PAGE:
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Brief Research Report ARTICLE

Front. Pediatr., 12 August 2020 | https://doi.org/10.3389/fped.2020.00464

Primary Adrenocortical Insufficiency Case Series in the Neonatal Period: Genetic Etiologies Are More Common Than Expected

  • Department of Pediatrics, Tongji Hospital, Tongji Medical College, Huazhong University of Science and Technology, Wuhan, China

Primary adrenocortical insufficiency (PAI) is an important cause of morbidity in neonates. The most common cause of PAI in neonates is congenital adrenal hyperplasia (CAH) due to 21-hydroxylase deficiency (21-OHD). Other rarer monogenic cases, for example, adrenal hypoplasia congenita (AHC) or familial glucocorticoid deficiency, also simulate clinical manifestation of 21-OHD, leading to misdiagnosis. The therapies and prognosis of these monogenic cases of PAI are entirely different. This study aimed to compare the differences of clinical data and identify genetic etiologies of PAI cases in the neonatal period. All 7 neonates initially presented with hyperpigmentation, hyponatremia, hyperkalemia, and high serum adrenocorticotropic hormone levels. Only CAH patients showed hyperandrogenism and remarkably elevated serum 17-hydroxyprogesterone levels. All the pathogenic mutations found in CYP21A2 were well known, except c.1069C>T (exon 8). The male patient with AHC had a novel hemizygous deletion of exon 2 in DAX1. The other one with familial glucocorticoid deficiency type 1 had two novel heterozygous mutations in the gene coding melanocortin 2 receptor, c.701C>T (exon 2) and c.119delT (exon 2). Glucocorticoid and/or mineralocorticoid replacement therapy depends on the cause of PAI. Genetic testing can be performed as a alternative diagnostic approach to provide information about therapy, prognosis, and genetic counseling.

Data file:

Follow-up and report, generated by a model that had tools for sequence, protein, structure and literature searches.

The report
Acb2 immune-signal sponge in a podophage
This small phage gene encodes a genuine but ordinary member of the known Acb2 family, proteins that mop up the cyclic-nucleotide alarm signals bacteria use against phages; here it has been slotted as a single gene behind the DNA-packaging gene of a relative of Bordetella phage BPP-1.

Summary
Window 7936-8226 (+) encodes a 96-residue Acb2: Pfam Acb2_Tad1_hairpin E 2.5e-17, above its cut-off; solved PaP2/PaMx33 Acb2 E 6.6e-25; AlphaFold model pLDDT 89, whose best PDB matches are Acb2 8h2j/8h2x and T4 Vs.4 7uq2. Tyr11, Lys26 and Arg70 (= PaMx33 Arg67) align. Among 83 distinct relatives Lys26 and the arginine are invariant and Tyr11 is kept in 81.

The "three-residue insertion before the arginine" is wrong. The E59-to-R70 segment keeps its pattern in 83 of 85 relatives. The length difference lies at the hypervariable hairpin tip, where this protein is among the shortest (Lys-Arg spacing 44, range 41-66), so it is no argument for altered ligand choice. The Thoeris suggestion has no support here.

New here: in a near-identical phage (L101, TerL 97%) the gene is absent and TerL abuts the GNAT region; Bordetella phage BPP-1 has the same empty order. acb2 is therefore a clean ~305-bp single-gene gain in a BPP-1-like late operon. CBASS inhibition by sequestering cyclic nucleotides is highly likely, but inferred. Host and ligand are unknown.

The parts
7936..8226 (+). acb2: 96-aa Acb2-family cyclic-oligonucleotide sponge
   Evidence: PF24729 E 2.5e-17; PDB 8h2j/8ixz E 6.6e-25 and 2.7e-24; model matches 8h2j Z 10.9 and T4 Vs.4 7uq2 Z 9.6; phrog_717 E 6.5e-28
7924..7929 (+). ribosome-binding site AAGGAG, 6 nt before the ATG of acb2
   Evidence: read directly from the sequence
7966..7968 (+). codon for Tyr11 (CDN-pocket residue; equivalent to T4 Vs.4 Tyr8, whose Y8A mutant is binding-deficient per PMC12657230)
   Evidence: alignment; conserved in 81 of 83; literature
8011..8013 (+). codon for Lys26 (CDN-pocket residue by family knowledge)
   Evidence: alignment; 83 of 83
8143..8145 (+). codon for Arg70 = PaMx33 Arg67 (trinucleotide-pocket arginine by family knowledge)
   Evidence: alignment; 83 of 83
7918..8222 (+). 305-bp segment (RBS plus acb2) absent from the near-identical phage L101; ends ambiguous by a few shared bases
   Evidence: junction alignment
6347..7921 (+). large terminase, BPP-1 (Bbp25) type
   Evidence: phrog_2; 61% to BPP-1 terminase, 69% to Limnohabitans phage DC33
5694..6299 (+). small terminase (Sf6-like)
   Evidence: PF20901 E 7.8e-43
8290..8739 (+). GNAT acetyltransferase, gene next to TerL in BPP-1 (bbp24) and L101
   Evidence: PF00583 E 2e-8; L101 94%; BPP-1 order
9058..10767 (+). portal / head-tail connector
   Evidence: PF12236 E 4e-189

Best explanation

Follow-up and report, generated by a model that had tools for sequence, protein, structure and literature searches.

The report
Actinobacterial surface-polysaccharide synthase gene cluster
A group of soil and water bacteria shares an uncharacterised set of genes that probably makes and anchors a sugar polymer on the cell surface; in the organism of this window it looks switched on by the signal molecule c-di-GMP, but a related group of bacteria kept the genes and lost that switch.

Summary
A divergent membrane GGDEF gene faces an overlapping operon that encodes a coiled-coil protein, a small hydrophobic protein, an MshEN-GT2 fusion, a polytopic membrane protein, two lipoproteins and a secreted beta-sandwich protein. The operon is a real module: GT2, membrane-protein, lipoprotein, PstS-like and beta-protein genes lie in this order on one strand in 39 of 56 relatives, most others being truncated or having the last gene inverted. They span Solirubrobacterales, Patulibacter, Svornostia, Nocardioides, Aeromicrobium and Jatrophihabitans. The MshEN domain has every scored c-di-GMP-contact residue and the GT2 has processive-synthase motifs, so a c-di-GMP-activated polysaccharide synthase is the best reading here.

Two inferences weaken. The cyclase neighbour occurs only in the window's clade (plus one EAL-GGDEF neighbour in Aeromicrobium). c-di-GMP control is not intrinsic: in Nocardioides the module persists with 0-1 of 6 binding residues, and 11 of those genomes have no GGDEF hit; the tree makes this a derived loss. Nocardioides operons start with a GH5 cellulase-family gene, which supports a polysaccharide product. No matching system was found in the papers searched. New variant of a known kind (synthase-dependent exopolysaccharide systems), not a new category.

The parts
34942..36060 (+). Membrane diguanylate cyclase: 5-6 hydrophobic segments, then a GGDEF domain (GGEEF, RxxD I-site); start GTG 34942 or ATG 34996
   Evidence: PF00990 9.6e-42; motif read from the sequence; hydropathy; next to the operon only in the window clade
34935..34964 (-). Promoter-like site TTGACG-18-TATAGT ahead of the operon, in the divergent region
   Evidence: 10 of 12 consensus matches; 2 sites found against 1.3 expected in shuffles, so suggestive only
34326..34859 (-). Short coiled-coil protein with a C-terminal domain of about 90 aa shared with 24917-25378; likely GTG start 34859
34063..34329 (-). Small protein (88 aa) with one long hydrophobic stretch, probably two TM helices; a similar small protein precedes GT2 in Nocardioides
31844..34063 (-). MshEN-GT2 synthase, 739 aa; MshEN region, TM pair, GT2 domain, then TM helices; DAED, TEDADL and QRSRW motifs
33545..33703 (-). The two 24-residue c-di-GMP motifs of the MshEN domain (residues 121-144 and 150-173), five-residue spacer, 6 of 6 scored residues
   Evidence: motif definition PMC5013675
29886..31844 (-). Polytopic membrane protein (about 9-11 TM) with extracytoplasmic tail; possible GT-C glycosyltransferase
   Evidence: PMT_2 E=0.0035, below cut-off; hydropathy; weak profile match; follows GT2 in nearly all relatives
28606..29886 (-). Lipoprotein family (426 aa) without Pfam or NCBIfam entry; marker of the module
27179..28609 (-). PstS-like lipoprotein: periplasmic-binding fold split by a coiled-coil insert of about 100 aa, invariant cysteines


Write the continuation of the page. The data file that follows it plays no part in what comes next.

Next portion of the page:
Introduction

The clinical feature of primary adrenocortical insufficiency (PAI) depends on the class of deficient hormone including glucocorticoid, mineralocorticoid, and adrenal androgens, and the extent of hormone deficiency. Glucocorticoid deficiency may cause fatigue, nausea, hypoglycemia, recurrent infections, hyperbilirubinemia, and cholestasis. As a consequence of cortisol deficiency, the production of pro-opiomelanocortin is increased, which is the prohormone of adrenocorticotropic hormone (ACTH) and melanocyte-stimulating hormone. The elevated melanocyte-stimulating hormone results in increased melanin synthesis, causing hyperpigmentation. Mineralocorticoid deficiency may cause failure to thrive, anorexia, dehydration, hypotension, hyponatremia, and hyperkalemia. Andadrenal androgens are associated with sexual development. In general, the above clinical findings of neonates with PAI are non-specific, misdiagnosis and delayed diagnosis are likely to result in potentially life-threatening adrenal crisis. The most common cause of PAI in the neonatal period is congenital adrenal hyperplasia (CAH), which occurs in approximately 1 of 14,200 live births (1, 2). 21-hydroxylase deficiency (21-OHD) caused by mutations in the CYP21A2 gene represents 95–99% of cases of CAH (3). 21-OHD results in the defective conversion of 17-hydroxyprogesterone (17-OHP) to 11-deoxycortisol, which leads to impaired synthesis of cortisol and aldosterone, and increased secretion of adrenocorticotropic hormone (ACTH). ACTH can increase the production of androgens by stimulating adrenal glands. Except for clinical findings caused by glucocorticoid and/or mineralocorticoid deficiency, the increasing androgens may cause clitoridauxe and virilization in female neonates, and hyperpigmentation of scrotum and enlarged phallus in male neonate. According to the chinical presentation determined by residual enzyme activity, CAH is classified into classic forms (salt wasting, simple virilizing) and non-classic form (late onset). Even when the detectable enzyme activity is as low as 1–2 percent, the patient could present with the form of simple virilizing (4).